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Updating the database of the Illinois Compiled Statutes (ILCS) is an ongoing process. Recent laws may not yet be included in the ILCS database, but they are found on this site as Public Acts soon after they become law. For information concerning the relationship between statutes and Public Acts, refer to the Guide.

Because the statute database is maintained primarily for legislative drafting purposes, statutory changes are sometimes included in the statute database before they take effect. If the source note at the end of a Section of the statutes includes a Public Act that has not yet taken effect, the version of the law that is currently in effect may have already been removed from the database and you should refer to that Public Act to see the changes made to the current law.

20 ILCS 3855/1-5

    (20 ILCS 3855/1-5)
    Sec. 1-5. Legislative declarations and findings. The General Assembly finds and declares:
        (1) The health, welfare, and prosperity of all
Illinois residents require the provision of adequate, reliable, affordable, efficient, and environmentally sustainable electric service at the lowest total cost over time, taking into account any benefits of price stability.
        (1.5) To provide the highest quality of life for
the residents of Illinois and to provide for a clean and healthy environment, it is the policy of this State to rapidly transition to 100% clean energy by 2050.
        (2) (Blank).
        (3) (Blank).
        (4) It is necessary to improve the process of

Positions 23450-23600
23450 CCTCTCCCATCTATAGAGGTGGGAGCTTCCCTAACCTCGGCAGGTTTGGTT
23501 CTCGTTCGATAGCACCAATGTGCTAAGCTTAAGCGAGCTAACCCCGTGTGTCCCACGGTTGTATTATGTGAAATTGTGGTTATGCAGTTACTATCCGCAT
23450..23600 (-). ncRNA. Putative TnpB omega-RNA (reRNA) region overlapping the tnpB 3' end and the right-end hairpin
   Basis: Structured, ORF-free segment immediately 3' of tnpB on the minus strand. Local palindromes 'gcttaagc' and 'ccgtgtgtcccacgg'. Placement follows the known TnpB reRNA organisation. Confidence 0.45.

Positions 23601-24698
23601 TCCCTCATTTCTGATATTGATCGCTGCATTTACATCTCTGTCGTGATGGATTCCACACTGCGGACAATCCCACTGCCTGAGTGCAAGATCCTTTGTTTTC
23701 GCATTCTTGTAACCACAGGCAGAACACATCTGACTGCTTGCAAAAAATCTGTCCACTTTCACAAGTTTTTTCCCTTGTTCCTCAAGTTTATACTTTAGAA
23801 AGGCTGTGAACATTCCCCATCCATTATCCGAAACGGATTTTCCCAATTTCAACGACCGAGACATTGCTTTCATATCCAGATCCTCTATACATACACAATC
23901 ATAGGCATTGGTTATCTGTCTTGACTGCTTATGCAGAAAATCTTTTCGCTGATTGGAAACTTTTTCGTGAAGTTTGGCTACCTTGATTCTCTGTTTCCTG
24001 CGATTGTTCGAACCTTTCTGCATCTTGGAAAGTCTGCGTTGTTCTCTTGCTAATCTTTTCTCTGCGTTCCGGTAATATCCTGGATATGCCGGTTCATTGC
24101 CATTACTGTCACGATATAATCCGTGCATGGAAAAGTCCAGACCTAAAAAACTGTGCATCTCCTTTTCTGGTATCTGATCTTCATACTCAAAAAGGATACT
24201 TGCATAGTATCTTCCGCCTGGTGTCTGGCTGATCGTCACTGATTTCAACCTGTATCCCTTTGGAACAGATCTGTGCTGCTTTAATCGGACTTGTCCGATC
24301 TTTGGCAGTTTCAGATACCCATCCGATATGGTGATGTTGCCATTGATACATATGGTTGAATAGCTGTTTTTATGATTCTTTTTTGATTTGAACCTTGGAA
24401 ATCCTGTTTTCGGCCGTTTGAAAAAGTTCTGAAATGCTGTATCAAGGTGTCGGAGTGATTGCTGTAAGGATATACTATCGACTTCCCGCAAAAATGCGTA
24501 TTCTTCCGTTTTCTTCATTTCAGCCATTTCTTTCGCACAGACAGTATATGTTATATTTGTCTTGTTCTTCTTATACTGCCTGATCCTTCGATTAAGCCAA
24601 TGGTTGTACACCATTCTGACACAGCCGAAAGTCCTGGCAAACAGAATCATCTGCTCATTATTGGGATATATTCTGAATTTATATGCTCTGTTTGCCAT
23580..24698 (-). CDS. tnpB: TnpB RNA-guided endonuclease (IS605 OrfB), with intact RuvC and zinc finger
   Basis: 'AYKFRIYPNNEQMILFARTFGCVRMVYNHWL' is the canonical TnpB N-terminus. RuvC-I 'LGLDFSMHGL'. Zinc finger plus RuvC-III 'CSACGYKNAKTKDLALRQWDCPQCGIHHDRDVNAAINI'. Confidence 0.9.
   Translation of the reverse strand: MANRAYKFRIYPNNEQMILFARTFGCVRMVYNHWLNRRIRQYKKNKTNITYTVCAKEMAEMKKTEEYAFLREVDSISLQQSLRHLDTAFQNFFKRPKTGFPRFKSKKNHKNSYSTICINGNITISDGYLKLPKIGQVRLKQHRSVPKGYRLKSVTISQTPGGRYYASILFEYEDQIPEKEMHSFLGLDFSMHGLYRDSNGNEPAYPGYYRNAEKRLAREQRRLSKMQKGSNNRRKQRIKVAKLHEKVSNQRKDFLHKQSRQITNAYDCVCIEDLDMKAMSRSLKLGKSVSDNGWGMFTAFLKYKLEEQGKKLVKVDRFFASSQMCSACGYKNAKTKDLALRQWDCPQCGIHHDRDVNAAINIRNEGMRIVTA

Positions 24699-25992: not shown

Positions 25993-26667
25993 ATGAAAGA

procuring electricity to serve Illinois residents, to promote investment in energy efficiency and demand-response measures, and to maintain and support development of clean coal technologies, generation resources that operate at all hours of the day and under all weather conditions, zero emission facilities, and renewable resources.
        (5) Procuring a diverse electricity supply portfolio
will ensure the lowest total cost over time for adequate, reliable, efficient, and environmentally sustainable electric service.
        (6) Including renewable resources and zero emission
credits from zero emission facilities in that portfolio will reduce long-term direct and indirect costs to consumers by decreasing environmental impacts and by avoiding or delaying the need for new generation, transmission, and distribution infrastructure. Developing new renewable energy resources in Illinois, including brownfield solar projects and community solar projects, will help to diversify Illinois electricity supply, avoid and reduce pollution, reduce peak demand, and enhance public health and well-being of Illinois residents.
        (7) Developing community solar projects in Illinois
will help to expand access to renewable energy resources to more Illinois residents.